Posted on May 5, 2007 - by MG
NB – This is not a proper restaurant review – this is the personal experience of a Mexican writer visiting with on a day when she had a tummy-ache and a newly-developed meat intolerance. For a review, see here:
When the publishers of “The Joshua Files” offered to throw the launch party (early in 2008) in a ‘top London Mexican restaurant’ I had my doubts. I mean – was there such a thing? Cheesy-soaked nachos, soggy enchiladas and margaritas, I don’t call a Mexican restaurant; no matter how much papel picado they string around and how much mariachi music they play. So I had a look – had London changed since last time I’d ventured out to eat ‘Mexican’? (Which was around ten years ago…)
Turns out it had. We found this place, Mestizo, which is run by a Mexican woman, Marysol Alvarado, where they really seem to care about catering to we few England-based Mexicans who are fed up of not being able to get decent tortillas, having to cook our own frijoles refritos (refried beans) and not being able to go out to a proper Sunday brunch where you can eat hot spicy food and sweet buns for two hours.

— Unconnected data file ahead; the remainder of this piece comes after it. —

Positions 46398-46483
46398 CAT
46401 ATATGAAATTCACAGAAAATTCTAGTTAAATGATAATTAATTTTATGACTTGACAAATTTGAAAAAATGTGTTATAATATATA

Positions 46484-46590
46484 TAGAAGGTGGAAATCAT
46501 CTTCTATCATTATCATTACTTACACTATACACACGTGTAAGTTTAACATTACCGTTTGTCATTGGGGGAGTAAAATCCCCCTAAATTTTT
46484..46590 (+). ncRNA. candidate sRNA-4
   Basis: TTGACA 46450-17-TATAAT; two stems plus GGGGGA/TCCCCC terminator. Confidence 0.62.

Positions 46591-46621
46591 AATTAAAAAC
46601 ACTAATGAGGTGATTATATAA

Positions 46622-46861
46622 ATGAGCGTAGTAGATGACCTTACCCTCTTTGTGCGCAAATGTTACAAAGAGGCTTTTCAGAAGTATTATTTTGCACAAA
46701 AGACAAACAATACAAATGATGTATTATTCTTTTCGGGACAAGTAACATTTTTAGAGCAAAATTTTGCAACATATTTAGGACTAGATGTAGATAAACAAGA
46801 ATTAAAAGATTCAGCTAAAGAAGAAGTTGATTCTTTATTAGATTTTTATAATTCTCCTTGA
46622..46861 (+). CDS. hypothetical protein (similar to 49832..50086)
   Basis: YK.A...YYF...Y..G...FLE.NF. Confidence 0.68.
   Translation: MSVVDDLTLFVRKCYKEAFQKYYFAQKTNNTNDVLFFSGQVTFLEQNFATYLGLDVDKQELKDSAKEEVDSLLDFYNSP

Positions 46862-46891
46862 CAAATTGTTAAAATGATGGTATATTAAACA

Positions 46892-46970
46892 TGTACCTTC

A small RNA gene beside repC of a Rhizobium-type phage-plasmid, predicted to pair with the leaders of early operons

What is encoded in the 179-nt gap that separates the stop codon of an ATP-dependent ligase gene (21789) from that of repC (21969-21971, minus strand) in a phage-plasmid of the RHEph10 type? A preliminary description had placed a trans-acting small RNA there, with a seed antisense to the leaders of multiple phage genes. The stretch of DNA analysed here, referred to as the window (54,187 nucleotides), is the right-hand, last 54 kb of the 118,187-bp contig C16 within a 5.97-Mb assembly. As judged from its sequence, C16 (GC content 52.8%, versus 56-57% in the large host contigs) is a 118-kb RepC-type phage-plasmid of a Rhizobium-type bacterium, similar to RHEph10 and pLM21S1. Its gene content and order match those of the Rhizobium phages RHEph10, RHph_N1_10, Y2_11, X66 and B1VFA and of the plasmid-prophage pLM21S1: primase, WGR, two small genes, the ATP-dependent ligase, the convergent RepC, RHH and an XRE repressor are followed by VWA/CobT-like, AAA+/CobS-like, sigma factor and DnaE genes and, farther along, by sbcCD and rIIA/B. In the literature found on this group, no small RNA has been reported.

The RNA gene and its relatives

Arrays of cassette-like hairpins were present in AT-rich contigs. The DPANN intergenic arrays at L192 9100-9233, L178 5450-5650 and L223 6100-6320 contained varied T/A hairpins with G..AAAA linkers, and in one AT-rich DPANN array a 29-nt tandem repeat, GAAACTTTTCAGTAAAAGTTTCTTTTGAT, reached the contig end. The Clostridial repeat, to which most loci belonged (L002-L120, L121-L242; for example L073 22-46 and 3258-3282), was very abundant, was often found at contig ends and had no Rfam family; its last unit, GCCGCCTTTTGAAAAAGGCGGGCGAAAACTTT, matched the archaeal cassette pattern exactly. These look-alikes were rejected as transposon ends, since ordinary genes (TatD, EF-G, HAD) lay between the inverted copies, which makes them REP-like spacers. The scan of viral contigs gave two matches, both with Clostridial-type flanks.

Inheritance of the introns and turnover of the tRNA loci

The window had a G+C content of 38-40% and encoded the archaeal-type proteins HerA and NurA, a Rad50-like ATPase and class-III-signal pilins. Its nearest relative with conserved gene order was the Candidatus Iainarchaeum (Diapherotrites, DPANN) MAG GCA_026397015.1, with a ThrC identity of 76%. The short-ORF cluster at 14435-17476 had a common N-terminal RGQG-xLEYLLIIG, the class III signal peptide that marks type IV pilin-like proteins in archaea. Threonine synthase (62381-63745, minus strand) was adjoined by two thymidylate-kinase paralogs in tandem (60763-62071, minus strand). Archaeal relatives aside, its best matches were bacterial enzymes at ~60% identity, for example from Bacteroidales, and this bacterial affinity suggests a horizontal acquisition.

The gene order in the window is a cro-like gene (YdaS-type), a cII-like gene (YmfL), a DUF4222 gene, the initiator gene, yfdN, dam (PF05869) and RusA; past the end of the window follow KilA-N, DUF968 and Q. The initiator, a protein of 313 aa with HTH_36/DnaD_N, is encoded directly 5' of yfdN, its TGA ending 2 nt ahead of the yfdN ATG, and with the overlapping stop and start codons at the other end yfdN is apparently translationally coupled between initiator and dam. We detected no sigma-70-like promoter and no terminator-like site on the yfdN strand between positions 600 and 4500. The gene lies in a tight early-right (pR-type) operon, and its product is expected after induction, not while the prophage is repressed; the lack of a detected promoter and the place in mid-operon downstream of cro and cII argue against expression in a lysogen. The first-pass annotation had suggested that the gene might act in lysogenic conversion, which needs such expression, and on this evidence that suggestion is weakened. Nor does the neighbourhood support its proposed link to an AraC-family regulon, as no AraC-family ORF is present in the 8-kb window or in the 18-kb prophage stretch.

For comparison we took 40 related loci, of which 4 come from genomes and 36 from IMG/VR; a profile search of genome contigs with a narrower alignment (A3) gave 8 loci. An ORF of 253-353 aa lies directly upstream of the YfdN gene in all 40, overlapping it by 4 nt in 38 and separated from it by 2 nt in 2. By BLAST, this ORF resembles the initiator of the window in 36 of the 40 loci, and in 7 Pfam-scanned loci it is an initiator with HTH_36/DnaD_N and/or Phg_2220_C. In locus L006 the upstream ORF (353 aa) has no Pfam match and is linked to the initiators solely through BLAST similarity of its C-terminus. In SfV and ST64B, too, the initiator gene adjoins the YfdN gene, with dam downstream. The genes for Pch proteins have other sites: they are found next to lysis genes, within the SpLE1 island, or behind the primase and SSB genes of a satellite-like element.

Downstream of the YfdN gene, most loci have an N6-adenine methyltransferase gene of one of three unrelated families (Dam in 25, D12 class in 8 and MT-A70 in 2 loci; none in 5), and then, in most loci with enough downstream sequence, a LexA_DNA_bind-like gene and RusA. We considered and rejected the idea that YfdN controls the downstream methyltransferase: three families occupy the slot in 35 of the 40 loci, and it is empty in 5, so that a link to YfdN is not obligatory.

Agent Cox, the Editor and I rolled up one quiet lunchtime last week to test the waters. The decor is minimalist-cosmopolitan rather than gaudy-Mexican. I suppose that fits in better with London. Me, I like the colonial style, but it does go best in the right setting, which isn’t London. A plasma screen in the corner shows a looped video of Mexican folkloric dancing, including the jarocho, a sort of Irish-dancing style dance which Joshua sees in a scene in the first book. Watching it, I started to get a little nostalgic, especially when they showed the voladores de Papantla…oh , why, that’s a long story… The music playing softly in the background was just right – not mariachi but popular Latinoamerican songs played on marimbas, with a bit of a tropical rhythm.